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Flashes and FloatersRead below to learn more about what floaters and flashes of light are, what may be causing them, and what the treatment may involve.


What are floaters?

Floaters are the small specks or  clouds you may sometimes see moving in your field of vision. You can  often see them when looking at a plain background, like a blank wall  or blue sky. Floaters are actually tiny clumps of gel or cells  inside the vitreous, the clear jelly-like fluid that fills the  inside of your eye.

While these objects look like they are in front of your eye, they  are actually floating inside. What you see are the shadows they cast  on the retina, the nerve layer at the back of the eye that senses  light and allows you to see.

Floaters can have different shapes: little dots, circles, lines,  clouds or cobwebs.

What causes floaters?

When people reach middle age,  the vitreous gel may start to thicken or shrink, forming clumps or  strands inside the eye. The vitreous gel pulls away from the back  wall of the eye, causing a posterior vitreous detachment. It is a  common cause of floaters.

Posterior vitreous detachment is more common for people who

  • are nearsighted;
  • have undergone cataract operations;
  • have had YAG laser surgery of the eye;
  • have had inflammation inside the eye.

The appearance  of floaters may be alarming, especially if they develop suddenly.  You should see an ophthalmologist immediately if you suddenly  develop new floaters, especially if you are over 45 years old.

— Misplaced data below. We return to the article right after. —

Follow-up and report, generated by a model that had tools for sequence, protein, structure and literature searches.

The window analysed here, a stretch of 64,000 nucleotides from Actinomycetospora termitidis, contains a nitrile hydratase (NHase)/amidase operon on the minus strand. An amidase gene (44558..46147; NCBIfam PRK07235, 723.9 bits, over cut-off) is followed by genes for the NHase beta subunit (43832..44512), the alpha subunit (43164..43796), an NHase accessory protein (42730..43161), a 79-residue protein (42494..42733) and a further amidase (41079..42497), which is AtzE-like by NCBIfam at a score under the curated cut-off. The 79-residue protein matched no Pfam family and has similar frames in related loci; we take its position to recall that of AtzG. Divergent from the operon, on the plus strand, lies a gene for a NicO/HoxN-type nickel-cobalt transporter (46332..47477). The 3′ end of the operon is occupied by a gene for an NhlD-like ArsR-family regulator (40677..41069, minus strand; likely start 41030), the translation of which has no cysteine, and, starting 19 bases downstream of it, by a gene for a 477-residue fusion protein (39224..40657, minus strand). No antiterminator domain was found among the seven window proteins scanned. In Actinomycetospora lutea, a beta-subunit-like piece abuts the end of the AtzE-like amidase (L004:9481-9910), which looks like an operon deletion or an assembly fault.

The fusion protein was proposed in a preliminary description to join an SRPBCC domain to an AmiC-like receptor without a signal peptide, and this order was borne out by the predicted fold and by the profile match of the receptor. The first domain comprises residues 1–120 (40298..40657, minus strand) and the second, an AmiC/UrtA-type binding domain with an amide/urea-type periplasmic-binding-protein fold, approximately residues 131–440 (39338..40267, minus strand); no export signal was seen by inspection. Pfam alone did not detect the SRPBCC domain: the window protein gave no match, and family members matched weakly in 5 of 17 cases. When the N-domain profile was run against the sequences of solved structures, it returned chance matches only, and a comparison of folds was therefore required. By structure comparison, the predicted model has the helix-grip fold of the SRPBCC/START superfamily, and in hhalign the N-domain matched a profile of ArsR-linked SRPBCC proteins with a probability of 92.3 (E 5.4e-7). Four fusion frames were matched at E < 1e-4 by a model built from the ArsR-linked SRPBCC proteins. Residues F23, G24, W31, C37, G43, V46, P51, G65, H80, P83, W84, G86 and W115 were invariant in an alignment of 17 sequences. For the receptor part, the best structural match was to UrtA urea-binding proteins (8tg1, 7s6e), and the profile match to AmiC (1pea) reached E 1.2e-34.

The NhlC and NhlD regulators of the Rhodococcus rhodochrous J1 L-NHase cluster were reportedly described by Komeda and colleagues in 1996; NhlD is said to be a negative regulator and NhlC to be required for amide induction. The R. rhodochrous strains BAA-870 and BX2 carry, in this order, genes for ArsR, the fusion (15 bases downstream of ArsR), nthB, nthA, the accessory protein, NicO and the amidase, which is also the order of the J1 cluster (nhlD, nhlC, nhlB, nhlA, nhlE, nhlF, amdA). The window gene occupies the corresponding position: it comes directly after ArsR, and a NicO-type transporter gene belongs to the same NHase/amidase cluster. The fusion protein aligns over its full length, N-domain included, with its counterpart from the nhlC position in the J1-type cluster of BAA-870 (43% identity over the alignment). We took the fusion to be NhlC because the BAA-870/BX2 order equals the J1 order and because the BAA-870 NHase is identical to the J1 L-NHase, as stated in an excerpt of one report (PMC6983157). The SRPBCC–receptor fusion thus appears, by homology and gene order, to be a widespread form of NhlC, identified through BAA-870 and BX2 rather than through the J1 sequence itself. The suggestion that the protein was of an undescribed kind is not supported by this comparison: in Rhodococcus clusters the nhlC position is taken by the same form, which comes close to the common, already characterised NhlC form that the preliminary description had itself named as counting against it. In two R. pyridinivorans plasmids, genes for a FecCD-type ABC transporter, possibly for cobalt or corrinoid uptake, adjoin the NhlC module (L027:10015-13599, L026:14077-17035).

Are floaters ever serious?

The retina can tear if the  shrinking vitreous gel pulls away from the wall of the eye. This  sometimes causes a small amount of bleeding in the eye that may  appear as new floaters. A torn retina is always a serious problem,  since it can lead to a retinal detachment. Seek medical attention as  soon as possible if:

  • even one new floaters appears suddenly;
  • you see sudden flashes of light.

If you notice other  symptoms like the loss of side vision, return to your ophthalmologist.

What can be done about floaters?

Floaters can get in  the way of clear vision, which may be quite annoying especially if  you are trying to read. You can try moving your eyes, looking up and  then down to move the floaters out of the way. While some floaters  may remain in your vision, many of them will fade over time and  become less bothersome. Even if you have had some floaters for  years, you should have an eye examination immediately if you notice  new ones.

Flashing Lights

What causes flashing lights?

When the vitreous gel  rubs or pulls on the retina, you may see what look like flashing  lights or lightning streaks. You may have experienced this same  sensation if you have ever been hit in the eye and seen “stars.”

The flashes of light can appear off and on for several weeks or  months. As we grow older, it is more common to experience flashes.  If you notice the sudden appearance of light flashes, you should  visit your ophthalmologist immediately to see if the retina is torn.
Flashes and migraine

Some people experience flashes  of light that appear as jagged lines or “heat waves” in both eyes,  often lasting 10-20 minutes. These types of flashes are usually  caused by a spasm of blood vessels in the brain, which is called  migraine. If a headache follows the flashes, it is called a migraine headache. However, jagged lines or “heat waves” can occur without a  headache. In this case, the light flashes are called ophthalmic migraine, or migraine without headache.

Floaters and flashes of light become more common as we grow older. While not all floaters and flashes are serious, you should  always have a medical eye exam by an ophthalmologist to make sure  there has been no damage to your retina.

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